Thursday, August 16, 2012

Understanding History Is An Important Part Of Genealogy

I teach my kids History is a story. It's not boring facts and dates to memorize then forget. History is a narrative of the past...of those who lived before us.

If you think about our days...the cars we drive, the wars we fight, the choices we make, the jobs we have...all will one day just be facts and be studied and then forgotten. But wait, you say, that's not right! We don't want our daily struggles and accomplishments to be treated so inconsequential, but then neither did the generations before us.

A hundred years from now future generations may wonder why families lost their homes or moved across the country away from their families just for a job. But if they knew the story of our economic crisis they could answer those questions. The choices wouldn't seem so out of the ordinary. Just like today we look back at those who lived during the Great Depression ,and if the ancestor we are searching for lived during that time, it may help us understand some of the motivations behind their decisions.

Facts about our ancestors, when and where they were born, where they're buried, the date they were married are all important to know, but I would argue that digging deeper into the lives of our ancestors to reveal the story behind each person is far more important. Because the basic information really only provides a basic frame work. The true story is in the little details.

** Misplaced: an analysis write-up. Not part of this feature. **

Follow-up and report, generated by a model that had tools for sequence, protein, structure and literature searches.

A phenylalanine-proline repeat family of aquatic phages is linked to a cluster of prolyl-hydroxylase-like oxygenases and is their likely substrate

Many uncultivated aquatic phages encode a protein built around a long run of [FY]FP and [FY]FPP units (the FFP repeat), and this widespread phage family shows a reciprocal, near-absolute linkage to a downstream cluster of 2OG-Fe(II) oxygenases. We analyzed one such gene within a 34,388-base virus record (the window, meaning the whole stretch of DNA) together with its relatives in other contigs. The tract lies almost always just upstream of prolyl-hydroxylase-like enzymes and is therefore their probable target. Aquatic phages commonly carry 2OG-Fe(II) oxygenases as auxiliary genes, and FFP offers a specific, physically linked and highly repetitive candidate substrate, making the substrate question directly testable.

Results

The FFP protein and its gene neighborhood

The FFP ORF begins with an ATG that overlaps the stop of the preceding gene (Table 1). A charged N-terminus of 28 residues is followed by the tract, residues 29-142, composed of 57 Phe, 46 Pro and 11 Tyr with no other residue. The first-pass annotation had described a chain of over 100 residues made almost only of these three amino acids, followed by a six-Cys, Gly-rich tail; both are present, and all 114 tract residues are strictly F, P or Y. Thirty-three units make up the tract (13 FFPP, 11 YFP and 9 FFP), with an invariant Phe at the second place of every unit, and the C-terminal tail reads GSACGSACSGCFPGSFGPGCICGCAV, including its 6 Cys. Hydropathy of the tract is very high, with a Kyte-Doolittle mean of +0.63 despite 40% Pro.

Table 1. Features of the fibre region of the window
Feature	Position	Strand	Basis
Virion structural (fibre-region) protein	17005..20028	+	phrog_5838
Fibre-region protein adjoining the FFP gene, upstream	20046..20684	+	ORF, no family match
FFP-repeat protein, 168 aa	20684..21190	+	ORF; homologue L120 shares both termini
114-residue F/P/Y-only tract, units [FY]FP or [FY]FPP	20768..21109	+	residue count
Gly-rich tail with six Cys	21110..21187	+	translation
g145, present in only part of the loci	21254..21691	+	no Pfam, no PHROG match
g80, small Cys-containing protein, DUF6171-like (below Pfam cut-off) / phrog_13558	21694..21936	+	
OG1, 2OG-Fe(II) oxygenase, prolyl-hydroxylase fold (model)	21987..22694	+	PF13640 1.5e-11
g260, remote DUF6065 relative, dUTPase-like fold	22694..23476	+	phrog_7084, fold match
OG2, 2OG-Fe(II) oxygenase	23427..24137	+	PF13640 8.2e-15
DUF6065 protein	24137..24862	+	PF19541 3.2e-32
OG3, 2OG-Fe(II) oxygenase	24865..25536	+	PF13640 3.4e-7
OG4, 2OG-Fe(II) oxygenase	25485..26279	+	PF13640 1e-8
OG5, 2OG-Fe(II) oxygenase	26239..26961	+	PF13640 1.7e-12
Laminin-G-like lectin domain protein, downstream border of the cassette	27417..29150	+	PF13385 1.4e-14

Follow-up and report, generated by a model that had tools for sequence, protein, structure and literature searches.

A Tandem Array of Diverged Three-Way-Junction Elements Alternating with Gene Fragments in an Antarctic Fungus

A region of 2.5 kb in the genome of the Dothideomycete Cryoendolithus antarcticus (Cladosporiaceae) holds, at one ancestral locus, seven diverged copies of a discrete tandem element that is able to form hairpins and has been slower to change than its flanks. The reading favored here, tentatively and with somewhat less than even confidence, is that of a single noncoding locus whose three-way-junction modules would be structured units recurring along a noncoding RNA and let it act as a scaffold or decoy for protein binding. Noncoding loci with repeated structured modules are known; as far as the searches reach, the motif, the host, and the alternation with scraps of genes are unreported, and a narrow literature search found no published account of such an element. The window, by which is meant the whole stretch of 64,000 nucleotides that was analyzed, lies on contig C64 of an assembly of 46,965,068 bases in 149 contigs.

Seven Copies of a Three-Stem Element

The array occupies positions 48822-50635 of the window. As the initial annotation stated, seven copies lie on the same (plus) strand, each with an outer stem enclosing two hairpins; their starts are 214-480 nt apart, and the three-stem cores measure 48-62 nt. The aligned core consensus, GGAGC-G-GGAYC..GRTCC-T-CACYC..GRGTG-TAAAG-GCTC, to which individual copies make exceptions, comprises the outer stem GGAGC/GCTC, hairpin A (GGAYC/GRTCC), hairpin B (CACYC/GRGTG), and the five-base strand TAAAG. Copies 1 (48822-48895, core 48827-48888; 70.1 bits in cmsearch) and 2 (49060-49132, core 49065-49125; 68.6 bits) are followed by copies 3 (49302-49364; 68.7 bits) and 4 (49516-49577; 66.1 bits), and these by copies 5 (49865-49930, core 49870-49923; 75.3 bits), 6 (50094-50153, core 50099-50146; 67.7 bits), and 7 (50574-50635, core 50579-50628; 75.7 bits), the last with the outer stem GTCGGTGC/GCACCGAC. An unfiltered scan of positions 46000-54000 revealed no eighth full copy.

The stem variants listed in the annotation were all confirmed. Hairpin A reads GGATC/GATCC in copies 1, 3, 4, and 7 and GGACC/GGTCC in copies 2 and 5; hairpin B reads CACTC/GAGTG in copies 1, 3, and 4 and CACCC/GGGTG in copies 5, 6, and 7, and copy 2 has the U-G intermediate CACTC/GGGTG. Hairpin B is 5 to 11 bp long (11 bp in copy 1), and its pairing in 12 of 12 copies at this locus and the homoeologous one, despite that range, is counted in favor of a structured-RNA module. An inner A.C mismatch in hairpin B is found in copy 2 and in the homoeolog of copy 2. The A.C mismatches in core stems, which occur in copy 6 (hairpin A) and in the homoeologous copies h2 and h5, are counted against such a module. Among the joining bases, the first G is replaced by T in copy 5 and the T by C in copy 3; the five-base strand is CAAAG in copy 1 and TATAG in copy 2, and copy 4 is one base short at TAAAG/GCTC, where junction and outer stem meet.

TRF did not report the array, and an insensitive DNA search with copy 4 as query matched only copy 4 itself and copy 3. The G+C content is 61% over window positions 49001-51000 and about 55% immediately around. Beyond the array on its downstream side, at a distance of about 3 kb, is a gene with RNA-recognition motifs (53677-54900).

I've always been more interested in the stories behind the names. During my research I found out that Judith Flaugh married Martin Betts and I want to know about their daily lives together. Was it a love match? I learn that Matthias Flaugh Jr. dies at 44, leaving his wife Hannah and 9 children behind and I want to know how he died. Was Hannah devastated? But because I know my history I know that in 1831 life would have difficult for Hannah and her children. How did she cope? What happened to her children? Did her family step in, or did his, to help support her and the children? But then I learn that Hannah had 3 more husbands and I know that she was a survivor. There is also one heck of a story there!!

Stories and photographs are another way to help fill in that frame. But sadly we aren't always fortunate enough to have these things and definitely not for each person.

Of all the ancestors I've researched Hannah intrigues me the most. I'd love to one day find an image of her. And I'd really like to find out how Matthias died.

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